How shall a holy and just God treat us sinners with so much kindness as to give us the greatest Reality in the universe (his Son) to enjoy with the greatest joy possible?

The answer is that God put our sins on his Son, and judged them there, so that he could put them out of his mind, and deal with us mercifully and remain just and holy at the same time. Hebrews 9.28 says, “Christ was offered once to bear the sins of many.”

Christ bore our sins in his own body when he died. He took our judgment. He canceled our guilt. And that means the sins are gone. They do not remain in God’s mind as a basis for condemnation. In that sense, he “forgets” them. They are consumed in the death of Christ.

Which means that God is now free, in his justice, to lavish us with the new covenant. He gives us Christ, the greatest Reality in the universe, for our enjoyment. And he writes his own will – his own heart – on our hearts so that we can love Christ and trust Christ and follow Christ from the inside out, with freedom and joy.

© Desiring God. Website: desiringGod.org

December 16: a most successful setback

Therefore God has highly exalted him and bestowed on him the name that is above every name, so that at the name of Jesus every should bow, in heaven and on earth and under the earth, and every tongue confess that Jesus Christ is Lord, to the glory of God the Father.  – Philippians 2.9-11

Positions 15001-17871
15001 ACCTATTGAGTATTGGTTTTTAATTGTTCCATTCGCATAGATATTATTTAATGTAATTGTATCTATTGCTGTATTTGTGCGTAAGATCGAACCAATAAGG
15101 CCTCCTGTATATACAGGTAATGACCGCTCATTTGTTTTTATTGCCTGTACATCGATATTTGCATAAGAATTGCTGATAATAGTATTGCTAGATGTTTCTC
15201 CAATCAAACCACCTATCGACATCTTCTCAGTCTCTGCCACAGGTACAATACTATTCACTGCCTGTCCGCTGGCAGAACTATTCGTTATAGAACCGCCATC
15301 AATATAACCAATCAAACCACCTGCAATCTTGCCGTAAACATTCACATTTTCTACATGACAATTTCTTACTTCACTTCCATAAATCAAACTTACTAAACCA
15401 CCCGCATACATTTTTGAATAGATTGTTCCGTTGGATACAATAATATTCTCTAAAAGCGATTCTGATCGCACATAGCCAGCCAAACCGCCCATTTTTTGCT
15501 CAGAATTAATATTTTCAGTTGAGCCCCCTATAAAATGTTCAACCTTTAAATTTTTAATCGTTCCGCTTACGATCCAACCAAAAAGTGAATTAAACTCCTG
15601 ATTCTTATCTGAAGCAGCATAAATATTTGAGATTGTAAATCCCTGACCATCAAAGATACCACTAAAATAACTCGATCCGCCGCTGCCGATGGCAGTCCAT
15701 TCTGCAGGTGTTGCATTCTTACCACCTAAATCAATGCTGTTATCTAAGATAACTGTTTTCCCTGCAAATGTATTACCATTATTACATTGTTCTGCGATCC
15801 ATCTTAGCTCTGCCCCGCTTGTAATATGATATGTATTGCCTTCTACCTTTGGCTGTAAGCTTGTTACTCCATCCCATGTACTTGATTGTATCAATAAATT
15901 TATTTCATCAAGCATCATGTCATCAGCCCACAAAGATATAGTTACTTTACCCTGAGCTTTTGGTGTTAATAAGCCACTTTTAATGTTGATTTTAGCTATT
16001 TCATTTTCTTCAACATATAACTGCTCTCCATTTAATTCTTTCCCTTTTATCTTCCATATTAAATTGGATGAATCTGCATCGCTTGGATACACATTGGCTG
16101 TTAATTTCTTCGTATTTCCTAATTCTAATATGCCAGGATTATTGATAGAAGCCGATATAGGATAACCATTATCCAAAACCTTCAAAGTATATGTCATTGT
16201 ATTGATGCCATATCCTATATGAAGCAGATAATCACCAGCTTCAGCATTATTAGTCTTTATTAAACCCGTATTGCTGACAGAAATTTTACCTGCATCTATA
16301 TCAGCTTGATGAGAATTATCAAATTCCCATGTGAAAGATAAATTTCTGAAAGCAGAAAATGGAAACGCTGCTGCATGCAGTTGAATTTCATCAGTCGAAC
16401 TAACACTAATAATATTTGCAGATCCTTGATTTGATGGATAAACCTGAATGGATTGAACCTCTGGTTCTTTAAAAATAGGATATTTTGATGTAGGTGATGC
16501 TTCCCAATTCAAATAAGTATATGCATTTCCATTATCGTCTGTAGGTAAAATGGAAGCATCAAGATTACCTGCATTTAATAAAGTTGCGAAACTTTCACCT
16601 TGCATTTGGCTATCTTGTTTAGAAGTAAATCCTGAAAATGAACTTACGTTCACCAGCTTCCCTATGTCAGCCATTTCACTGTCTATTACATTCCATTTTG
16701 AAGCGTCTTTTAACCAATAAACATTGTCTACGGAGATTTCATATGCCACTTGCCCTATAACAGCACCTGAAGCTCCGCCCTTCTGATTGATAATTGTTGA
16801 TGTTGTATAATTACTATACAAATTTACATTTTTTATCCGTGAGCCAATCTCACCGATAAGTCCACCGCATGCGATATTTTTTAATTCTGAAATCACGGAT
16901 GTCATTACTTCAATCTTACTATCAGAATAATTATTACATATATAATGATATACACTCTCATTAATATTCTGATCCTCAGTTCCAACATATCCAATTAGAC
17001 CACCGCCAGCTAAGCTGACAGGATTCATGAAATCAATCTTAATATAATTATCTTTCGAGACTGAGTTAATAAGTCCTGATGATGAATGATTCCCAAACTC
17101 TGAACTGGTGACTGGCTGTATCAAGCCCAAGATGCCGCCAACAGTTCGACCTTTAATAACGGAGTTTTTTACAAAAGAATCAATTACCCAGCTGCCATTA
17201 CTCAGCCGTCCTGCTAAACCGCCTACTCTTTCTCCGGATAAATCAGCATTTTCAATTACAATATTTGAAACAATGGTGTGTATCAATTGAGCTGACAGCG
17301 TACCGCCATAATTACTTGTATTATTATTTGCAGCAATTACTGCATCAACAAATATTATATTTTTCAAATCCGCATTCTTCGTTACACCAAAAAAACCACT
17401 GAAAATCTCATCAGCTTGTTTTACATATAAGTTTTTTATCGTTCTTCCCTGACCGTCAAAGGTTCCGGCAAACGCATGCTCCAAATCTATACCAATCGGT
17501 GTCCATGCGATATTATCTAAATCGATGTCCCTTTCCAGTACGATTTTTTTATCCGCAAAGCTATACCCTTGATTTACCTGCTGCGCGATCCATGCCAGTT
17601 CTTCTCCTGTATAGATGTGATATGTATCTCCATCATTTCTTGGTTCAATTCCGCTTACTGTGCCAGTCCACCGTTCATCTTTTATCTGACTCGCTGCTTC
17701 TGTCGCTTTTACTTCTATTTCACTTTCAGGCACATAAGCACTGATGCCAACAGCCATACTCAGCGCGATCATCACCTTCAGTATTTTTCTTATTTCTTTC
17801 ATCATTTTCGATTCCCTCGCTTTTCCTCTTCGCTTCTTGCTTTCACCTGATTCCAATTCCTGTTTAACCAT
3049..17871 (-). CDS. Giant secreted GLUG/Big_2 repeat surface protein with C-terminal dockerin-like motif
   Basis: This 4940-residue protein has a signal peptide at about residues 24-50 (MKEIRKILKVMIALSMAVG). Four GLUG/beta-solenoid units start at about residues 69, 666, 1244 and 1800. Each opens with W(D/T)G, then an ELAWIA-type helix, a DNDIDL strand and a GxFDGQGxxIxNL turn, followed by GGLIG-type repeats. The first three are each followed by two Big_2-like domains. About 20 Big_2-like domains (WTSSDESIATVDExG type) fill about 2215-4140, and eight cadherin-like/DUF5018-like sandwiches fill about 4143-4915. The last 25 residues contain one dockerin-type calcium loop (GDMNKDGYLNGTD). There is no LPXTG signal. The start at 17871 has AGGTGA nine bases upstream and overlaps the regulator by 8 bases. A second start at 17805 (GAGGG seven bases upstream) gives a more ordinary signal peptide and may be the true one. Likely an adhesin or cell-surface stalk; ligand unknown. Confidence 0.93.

Christmas was God’s most successful setback. He has always delighted to show his power through apparent defeat. He makes tactical retreats in order to win strategic victories.

Joseph was promised glory and power in his dream (Genesis 37.5-11). But to achieve that victory he had to become a slave in Egypt. And as if that were not enough, when his conditions improved because of his integrity, he was made worse than a slave – a prisoner.

But it was all planned. For there in prison he met Pharaoh’s butler, who eventually brought him to Pharaoh who put him over Egypt. What an unlikely route to glory!

But that is God’s way – even for his Son. He emptied himself and took the form of a slave. Worse than a slave – a prisoner – and was executed. But like Joseph, he kept his integrity. “Therefore God has highly exalted him and bestowed on him the name that is above every name, so that at the name of Jesus every knee should bow” (Philippians 2.9-10).

And this is God’s way for us too. We are promised glory – if we will suffer with him (Romans 8.17). The way up is down. The way forward is backward. The way to success is through divinely appointed setbacks. They will always look and feel like failure. But if Joseph and Jesus teach us anything this Christmas it is this: “God meant it for good!” (Genesis 50.20).

You fearful saints fresh courage take
The clouds you so much dread
Are big with mercy and will break
In blessings on your head.

© Desiring God. Website: desiringGod.org